A collage showing beautiful French scenery

Another Side, Another Story: Ecole de Management

I spent the last six months on a life-changing adventure when I was given the opportunity to study abroad in France through ANU Global Programs. My main reason for picking France was because my dad taught me the language and I wanted to follow in his footsteps of living in France.

Fortunately, I was allocated my first exchange choice, which was one of the top business schools in France, Ecole de Management (ESSCA). The university is a business school of management with people studying various aspects of business. The main campus of this institution was located in Angers, but I was extremely fortunate to be assigned to their Parisian college. ESSCA was very much like a city university, situated along the banks of the Seine river on the west side of Paris. It is much smaller in terms of size and very different from the campus community that I was used to at ANU.

The expectations from my host university were much lower in comparison to ANU’s. ESSCA’s education system is different from ANU’s as there are fewer tutorials, and classes were three hour-long seminars. Assessments tended to focus more on presentations and the final exams were not as intense as ANU’s, given you did your fair share of revision. Classes were conducted in English, but everyone has the opportunity to study French as an elective, and that was naturally one of my favourite courses there.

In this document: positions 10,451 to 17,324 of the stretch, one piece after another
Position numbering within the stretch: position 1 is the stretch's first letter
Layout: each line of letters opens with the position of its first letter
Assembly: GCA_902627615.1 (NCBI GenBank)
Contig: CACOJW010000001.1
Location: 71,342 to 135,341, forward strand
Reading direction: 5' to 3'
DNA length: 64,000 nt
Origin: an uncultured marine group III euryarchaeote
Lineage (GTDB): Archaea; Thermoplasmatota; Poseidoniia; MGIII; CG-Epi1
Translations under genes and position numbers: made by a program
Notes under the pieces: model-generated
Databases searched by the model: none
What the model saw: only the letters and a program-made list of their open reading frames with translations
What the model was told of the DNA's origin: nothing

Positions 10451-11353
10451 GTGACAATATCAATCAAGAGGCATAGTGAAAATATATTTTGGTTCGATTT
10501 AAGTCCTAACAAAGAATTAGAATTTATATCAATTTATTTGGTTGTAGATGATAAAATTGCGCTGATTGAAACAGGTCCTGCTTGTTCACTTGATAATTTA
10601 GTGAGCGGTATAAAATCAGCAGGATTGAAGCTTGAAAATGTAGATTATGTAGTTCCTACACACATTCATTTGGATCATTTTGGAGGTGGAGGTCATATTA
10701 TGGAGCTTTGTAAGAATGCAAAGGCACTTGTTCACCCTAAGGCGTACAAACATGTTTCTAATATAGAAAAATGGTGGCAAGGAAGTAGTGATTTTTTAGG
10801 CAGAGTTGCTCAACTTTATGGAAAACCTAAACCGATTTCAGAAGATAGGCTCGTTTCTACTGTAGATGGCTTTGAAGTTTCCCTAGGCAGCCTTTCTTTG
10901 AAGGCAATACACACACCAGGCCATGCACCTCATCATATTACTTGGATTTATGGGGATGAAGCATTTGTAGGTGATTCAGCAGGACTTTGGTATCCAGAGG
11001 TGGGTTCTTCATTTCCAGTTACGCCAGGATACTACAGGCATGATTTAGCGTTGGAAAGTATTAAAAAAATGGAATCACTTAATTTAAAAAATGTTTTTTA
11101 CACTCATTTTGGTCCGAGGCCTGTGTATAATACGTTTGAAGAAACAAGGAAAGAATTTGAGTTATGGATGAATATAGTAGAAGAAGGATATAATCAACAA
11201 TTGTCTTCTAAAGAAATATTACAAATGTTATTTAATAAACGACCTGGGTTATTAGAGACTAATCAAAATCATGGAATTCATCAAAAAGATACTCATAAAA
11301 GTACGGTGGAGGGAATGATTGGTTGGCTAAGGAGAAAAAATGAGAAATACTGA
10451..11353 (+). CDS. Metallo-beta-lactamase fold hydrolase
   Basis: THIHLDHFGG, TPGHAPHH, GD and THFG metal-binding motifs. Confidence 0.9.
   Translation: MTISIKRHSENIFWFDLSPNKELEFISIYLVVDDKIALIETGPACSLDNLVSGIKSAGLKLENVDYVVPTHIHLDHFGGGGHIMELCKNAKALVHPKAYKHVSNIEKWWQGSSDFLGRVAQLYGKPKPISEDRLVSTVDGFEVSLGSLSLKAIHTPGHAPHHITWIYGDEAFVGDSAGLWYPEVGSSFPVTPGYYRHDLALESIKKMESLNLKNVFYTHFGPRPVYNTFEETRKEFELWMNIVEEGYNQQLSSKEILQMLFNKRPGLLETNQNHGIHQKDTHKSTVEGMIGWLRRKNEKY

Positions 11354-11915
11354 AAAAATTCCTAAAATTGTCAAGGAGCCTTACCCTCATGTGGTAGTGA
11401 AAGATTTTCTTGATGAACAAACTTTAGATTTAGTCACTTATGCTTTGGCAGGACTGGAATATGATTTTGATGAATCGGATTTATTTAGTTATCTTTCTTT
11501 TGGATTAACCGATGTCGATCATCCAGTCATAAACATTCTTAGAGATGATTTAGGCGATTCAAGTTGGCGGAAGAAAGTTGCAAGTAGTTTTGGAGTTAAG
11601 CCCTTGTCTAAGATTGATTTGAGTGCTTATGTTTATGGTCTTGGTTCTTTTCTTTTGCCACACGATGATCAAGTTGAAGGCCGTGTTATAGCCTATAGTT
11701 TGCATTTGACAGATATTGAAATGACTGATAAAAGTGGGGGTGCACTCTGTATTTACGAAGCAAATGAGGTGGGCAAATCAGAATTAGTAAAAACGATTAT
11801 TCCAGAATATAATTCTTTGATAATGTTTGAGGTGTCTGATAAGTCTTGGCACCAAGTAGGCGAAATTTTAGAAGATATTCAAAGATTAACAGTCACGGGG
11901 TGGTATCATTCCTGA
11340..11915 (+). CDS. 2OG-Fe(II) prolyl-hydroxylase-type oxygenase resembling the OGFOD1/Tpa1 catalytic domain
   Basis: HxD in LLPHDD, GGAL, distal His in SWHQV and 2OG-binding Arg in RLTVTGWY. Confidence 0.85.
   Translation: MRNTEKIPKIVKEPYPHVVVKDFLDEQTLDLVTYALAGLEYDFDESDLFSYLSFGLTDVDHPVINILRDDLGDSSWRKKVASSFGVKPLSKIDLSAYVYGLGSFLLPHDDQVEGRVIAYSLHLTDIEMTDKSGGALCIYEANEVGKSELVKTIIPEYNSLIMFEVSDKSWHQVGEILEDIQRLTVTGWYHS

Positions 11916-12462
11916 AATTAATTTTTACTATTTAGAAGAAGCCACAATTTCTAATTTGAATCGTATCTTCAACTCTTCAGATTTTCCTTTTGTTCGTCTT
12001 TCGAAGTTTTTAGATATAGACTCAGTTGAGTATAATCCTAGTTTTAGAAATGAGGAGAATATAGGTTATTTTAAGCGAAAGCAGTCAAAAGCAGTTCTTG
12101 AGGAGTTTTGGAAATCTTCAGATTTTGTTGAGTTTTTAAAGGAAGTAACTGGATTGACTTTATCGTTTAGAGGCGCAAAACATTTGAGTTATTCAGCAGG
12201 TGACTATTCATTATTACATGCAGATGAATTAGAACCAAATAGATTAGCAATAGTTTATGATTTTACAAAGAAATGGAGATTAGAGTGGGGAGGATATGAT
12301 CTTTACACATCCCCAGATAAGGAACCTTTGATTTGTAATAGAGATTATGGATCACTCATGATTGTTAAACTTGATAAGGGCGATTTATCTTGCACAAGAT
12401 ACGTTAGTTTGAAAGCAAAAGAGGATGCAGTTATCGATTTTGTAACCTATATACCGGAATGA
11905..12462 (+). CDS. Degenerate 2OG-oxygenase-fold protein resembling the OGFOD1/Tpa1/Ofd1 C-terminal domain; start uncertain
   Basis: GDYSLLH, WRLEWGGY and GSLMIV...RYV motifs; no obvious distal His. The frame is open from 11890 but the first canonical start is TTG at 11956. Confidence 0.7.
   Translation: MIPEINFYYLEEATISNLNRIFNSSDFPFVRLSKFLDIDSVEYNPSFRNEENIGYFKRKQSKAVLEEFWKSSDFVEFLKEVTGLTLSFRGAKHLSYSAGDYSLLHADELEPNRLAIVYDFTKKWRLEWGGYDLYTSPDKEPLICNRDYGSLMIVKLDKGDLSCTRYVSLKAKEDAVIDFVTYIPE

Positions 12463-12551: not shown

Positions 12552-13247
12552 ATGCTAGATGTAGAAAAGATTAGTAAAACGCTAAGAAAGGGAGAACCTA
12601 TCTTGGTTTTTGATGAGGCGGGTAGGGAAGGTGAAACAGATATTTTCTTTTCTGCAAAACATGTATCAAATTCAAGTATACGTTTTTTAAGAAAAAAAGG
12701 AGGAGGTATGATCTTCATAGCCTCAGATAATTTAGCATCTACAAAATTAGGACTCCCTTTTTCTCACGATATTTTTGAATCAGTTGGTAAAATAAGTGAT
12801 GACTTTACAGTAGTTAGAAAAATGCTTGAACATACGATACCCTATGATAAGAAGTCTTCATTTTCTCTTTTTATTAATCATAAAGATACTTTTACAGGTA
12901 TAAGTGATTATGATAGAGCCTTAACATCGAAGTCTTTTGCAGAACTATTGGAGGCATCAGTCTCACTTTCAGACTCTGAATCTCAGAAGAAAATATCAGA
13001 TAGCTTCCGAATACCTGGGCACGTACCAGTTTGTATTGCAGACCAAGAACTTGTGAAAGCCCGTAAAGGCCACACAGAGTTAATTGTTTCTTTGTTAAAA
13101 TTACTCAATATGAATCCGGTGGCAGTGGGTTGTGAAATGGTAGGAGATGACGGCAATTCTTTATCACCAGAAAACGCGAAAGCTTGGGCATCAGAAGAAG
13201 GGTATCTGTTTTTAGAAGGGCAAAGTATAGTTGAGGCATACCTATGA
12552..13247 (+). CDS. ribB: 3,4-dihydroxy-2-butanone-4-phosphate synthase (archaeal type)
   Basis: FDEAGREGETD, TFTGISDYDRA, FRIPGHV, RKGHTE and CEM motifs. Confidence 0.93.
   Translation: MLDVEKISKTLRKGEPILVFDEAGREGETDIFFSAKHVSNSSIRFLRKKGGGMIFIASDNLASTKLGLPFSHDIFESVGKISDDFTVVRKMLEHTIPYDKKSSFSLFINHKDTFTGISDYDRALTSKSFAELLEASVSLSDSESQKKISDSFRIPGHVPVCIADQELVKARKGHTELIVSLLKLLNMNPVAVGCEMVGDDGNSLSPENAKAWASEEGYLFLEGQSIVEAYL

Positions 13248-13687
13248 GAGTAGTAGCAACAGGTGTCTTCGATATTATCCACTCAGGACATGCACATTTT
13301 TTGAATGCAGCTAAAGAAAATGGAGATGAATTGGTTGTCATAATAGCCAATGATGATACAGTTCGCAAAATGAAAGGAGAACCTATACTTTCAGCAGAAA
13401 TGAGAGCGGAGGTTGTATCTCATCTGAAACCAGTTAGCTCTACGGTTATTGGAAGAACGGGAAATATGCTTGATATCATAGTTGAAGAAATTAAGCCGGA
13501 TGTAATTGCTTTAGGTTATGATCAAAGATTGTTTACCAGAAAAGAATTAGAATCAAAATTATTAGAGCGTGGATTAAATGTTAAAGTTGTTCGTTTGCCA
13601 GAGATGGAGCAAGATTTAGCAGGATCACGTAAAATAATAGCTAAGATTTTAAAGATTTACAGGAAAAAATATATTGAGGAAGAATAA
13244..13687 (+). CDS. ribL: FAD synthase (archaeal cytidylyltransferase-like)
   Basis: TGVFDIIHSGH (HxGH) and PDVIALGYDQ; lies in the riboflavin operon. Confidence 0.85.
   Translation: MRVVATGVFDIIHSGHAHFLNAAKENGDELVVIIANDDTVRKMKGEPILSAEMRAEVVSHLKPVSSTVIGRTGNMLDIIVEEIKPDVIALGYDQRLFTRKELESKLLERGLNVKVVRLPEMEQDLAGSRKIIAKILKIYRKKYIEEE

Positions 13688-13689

Despite this, I found that ESSCA’s administrative procedures were a little inefficient regarding timetables and their choice of educators – somewhat ironic since it is a school of management. However, I was very happy that ESSCA assigned me to a French buddy, Audrey, who, alongside the other French students I met in ESSCA, was surprisingly welcoming and helpful with my integration to ESSCA. The French students were all extremely excited to meet the international students and enjoyed going bar-hopping and occasionally brought me and other internationals out to their favourite neighbourhoods in Paris. In comparison to Australian students, I noticed that the French students were very expressive during presentations and almost everyone has already had some kind of internship exposure during their second year of studies.

Living in a big city like Paris can be overwhelming at times. I was initially concerned about my safety in France, especially after the recent terrorist attacks, but I learnt that you just have to be attentive at all times and not worry about the factors beyond your control. I did not mind the less hygienic conditions within the streets of Paris and subway stations. I think Paris is a city that has been through so much; it is what makes the city so old and full of culture and that is what gives Paris its historical identity. Among the people I mingled with, I found that people who grew up in Paris are not as warm and optimistic as people in Australia. Parisians are taught the value of melancholy, and I guess this is why they have a reputation for being a little aloof. Although, it is useful to brush up a little of your French before arriving, many of the French people I met were able to speak English, defying the traditional stereotype.

There are definitely some difficulties when adjusting to a foreign country like France, but, all in all, my time in Paris was a very enriching experience. I was beyond fortunate for this exposure and glad I managed to learn so much about the French culture.ost importantly, I got to grow as a person and understand the careers I wanted to pursue in the future from this exchange. I’ll definitely miss my favourite bakery, the smell of bread and cigarettes in the air, the art and incredible architecture, the talented musicians busking around subway stations and most importantly, the meaningful friendships I got to make, but I guess every good thing has to come to an end.